1999- Acute respiratory infection in Afghanistan, Update
01 March 1999
Disease Outbreak Reported
On 13 February, an outbreak of an unidentified disease was reported to have occurred in Darwaz, Badakhshan, Afghanistan. On 26 February, a specialized WHO team arrived on site at one of the affected villages, Jamarche Bala, with the logistic support of the United Nations system. Other villages were visited by Médecins sans frontières and Focus (Aga Khan Foundation).
The outbreak began around mid-January after 2 young men returned from the village of Waram, both suffering from an acute respiratory infection. Over the next 2 days, approximately 40 persons living in the same household became ill. The disease then spread through the whole village, affecting 70%-80% of households. The village has a population of 5 400. The deaths occurred among both males and females and involved primarily infants and the elderly. The most recent case was reported on 26 February. Cases were treated by the team with chloramphenicol, which resulted in a significant improvement, suggesting that severely ill patients were suffering from secondary bacterial infections. There were no deaths among those treated.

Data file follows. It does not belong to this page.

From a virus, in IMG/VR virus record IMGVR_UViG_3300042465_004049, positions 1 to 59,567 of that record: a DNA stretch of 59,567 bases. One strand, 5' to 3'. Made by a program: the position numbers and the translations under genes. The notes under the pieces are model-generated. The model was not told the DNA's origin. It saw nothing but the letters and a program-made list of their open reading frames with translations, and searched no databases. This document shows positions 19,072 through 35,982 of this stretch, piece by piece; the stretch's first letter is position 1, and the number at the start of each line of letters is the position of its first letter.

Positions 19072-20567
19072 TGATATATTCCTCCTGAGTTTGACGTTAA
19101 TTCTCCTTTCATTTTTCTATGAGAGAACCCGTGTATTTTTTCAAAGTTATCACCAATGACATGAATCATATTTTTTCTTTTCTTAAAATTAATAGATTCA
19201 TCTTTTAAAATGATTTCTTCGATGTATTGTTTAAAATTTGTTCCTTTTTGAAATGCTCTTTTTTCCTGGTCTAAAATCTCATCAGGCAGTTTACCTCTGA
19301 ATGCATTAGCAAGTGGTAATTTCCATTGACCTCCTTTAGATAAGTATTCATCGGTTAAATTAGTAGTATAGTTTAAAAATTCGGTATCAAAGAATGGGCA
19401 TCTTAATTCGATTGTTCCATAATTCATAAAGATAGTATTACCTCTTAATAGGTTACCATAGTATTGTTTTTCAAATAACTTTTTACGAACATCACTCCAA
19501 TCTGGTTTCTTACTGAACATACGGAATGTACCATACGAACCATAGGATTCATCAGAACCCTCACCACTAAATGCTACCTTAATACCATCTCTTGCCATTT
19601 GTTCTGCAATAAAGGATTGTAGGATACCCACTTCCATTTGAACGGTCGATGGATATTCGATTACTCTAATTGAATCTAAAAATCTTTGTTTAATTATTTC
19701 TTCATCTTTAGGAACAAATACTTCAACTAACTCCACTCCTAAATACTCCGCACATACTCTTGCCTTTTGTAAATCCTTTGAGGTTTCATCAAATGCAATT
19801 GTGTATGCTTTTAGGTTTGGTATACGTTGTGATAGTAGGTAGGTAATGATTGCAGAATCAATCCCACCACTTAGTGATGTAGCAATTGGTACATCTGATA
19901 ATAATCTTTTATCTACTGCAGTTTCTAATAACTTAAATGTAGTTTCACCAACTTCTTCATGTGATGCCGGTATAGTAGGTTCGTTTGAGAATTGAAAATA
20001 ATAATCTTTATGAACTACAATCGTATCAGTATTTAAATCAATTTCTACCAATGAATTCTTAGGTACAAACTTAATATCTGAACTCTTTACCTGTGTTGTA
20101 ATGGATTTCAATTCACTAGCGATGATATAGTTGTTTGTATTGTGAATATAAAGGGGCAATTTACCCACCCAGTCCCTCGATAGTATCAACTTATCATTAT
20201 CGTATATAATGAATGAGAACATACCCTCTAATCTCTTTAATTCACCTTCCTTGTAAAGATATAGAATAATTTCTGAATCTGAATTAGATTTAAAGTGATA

The disease is flu-like and is characterized by abrupt onset of fever, headaches and myalgia, followed by chest pain and cough. Living and sanitary conditions are crowded, and the water supply is unprotected. Nutrition is of poor quality. There are no health services in this very remote area, which has not been accessed by routine immunization teams.
Preliminary conclusions of the WHO team in the field is that the outbreak now declining was an influenza-like illness which has affected a large proportion of the population. The rate of secondary complications (mainly pneumonia) was high. Mortality is 1%-2% of the total population primarily due to lack of antibiotic availability and overall poor living and nutritional conditions.
WHO and its local partners are now helping local authorities to organize follow-up treatment and arranging for additional medical supplies to the area. Clinical specimens collected by the field team will be analysed shortly.